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Updates and Commentary from the Messaging, Malware and Mobile Anti-Abuse Working Group

As we’re approaching M3AAWG’s milestone 50th General Meeting on October 12-15, we’ve invited members – both veterans and newcomers – to celebrate the journey of M3AAWG from its humble beginnings to becoming the largest anti-abuse consortium in the world. To capture all the characteristics and memories that make M3AAWG special, we’ve asked M3AAWG founding members, former and current chairpeople, and officers to share their perspectives. In this post, we’ll share highlights of our founding story from those who helped build the organization, including the organization's conception, growth, and where we are today.

As schools ramp up virtual teaching and companies continue working remotely, maintaining our digital connections and keeping websites up and running is more crucial than ever before. But we’re seeing a sharp increase in Distributed Denial of Service (DDoS) attacks in 2020: there were almost double the amount of attacks in the first quarter of 2020 compared to Q4 2019. This is part of a continuous upward trajectory over 30 years.

In our upcoming Member Engagement webinar series, Stephen Farrell, M3AAWG Senior Technical Advisor, will host a session detailing the state of COVID-19 contact-tracing applications and discuss their security, privacy and efficiency implications. The session will take place on Tuesday, September 15th at 8am PT / 11am ET. Professionals from M3AAWG member companies are welcome to join the session. To register, please visit the M3AAWG Engagement Series site.

At M3AAWG’s 49th General Meeting, the COVID-19 pandemic was a central focus of the session “Is COVID-19 the Cure for Fraud?” The joint session, facilitated by M3AAWG and the Communications Fraud Control Association (CFCA), brought together professionals from across messaging to discuss the pandemic’s impact on the online fraud landscape.

With the majority of companies working remotely for the foreseeable future, and social distancing procedures still in effect, we’re entirely reliant on digital communications, particularly email. Bad actors are taking advantage of this dependence, resulting in an uptick in email-related cybercrime, such as spear phishing attacks, where criminals pose as legitimate senders with a specific request.

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In the latest installment in our Member Engagement Series, Dennis Dayman, Program and Growth & Development Chairperson and Elections Co-Chair at M3AAWG, will host a session on the state of U.S. data privacy regulations in relation to international standards on Tuesday, September 1st at 8am PT / 11am ET. Professionals from M3AAWG member companies are welcome to join the session to learn more on the latest developments. To register for the webinar, please visit the M3AAWG Engagement Series site.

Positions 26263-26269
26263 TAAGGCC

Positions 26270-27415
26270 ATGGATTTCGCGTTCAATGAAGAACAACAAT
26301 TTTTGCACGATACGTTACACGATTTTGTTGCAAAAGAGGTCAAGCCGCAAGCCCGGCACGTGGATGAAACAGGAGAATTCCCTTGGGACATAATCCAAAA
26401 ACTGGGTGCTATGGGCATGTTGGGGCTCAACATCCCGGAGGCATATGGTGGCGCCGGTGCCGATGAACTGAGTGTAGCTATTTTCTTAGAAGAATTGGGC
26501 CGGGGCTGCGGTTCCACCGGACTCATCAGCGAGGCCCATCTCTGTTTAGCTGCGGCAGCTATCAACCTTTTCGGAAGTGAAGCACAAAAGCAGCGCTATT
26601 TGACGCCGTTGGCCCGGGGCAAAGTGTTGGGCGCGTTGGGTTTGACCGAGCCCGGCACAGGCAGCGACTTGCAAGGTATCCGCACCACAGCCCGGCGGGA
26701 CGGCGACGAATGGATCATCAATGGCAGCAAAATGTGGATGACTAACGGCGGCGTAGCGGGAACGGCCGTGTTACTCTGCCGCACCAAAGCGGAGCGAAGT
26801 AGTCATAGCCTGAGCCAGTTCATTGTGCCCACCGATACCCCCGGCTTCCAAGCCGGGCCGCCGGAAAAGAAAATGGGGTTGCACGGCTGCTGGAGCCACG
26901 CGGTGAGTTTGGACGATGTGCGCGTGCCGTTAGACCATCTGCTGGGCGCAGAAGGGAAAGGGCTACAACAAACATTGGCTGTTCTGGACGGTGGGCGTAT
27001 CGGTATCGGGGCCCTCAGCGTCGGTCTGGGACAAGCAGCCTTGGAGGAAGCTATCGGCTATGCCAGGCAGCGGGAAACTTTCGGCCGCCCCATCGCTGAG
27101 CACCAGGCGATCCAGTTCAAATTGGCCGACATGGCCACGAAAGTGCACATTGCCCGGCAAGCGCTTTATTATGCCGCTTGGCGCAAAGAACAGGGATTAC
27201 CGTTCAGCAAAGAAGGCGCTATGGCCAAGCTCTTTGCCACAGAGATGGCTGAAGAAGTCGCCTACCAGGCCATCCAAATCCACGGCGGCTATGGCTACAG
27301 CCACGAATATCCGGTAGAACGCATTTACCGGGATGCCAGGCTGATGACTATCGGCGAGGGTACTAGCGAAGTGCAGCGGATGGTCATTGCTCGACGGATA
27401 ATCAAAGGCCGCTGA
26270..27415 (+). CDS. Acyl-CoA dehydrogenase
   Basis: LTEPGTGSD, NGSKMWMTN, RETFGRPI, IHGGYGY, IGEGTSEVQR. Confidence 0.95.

On August 6th, I participated in a panel discussion hosted by Infosecurity Magazine focused on technologies, strategies and tactics to fight phishing. The discussion, moderated by Dan Raywood, the publication’s Contributing Editor, and featuring Olesia Klevchuk, Senior Product Marketing Manager at Barracuda and James Gosnold, Security Practitioner, provided a comprehensive overview of the latest phishing-related threats and offered insight into how security professionals have adjusted their security approaches following the COVID-19 pandemic.

Each year at our fall General Meeting, M3AAWG honors the legacy and spirit of founding member, J.D. Falk, through our J.D. Falk Award. In the wake of COVID-19 – and the corresponding uptick in cybercrime – members of the anti-abuse community have mobilized faster than ever to safeguard the online ecosystem. At M3AAWG 50, hosted virtually from October 12-15, we’ll present our ninth J.D. Falk award to a member of the anti-abuse community that has embodied Falk’s dedication to protecting end-users in this especially vulnerable time.

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There is a profound need for digital connectivity

The progenitors of the internet created and used email to facilitate the work that went into building and evolving the shared global resource that in these extraordinary times is connecting the world. That connection is made possible, in part, by the world-wide use of email. Email has proven to be the longest lasting digital communication channel, with the largest user base of any free or paid platform or product. What’s more, email is the first and most foundational source of identity on the internet. However, it is not without its difficulties—the email’s massive reach makes it a ripe target for bad actors seeking to deploy compromises and attacks on a global scale.


Author: Alex Brotman, Chair, M3AAWG Data and Identity Protection Special Interest Group

Like a driver’s license confirms your identity, your phone number is used to verify your identity online. Given the widespread use of phone numbers in two-factor authentication and password reset, SIMs are an extremely valuable target for cybercriminals –– and anyone could become a victim. Armed with only a phone number, cybercriminals manipulate their way into accessing personal financial information, cryptocurrency accounts, and even corporate email accounts, exposing sensitive data that could lead to millions in financial damages.

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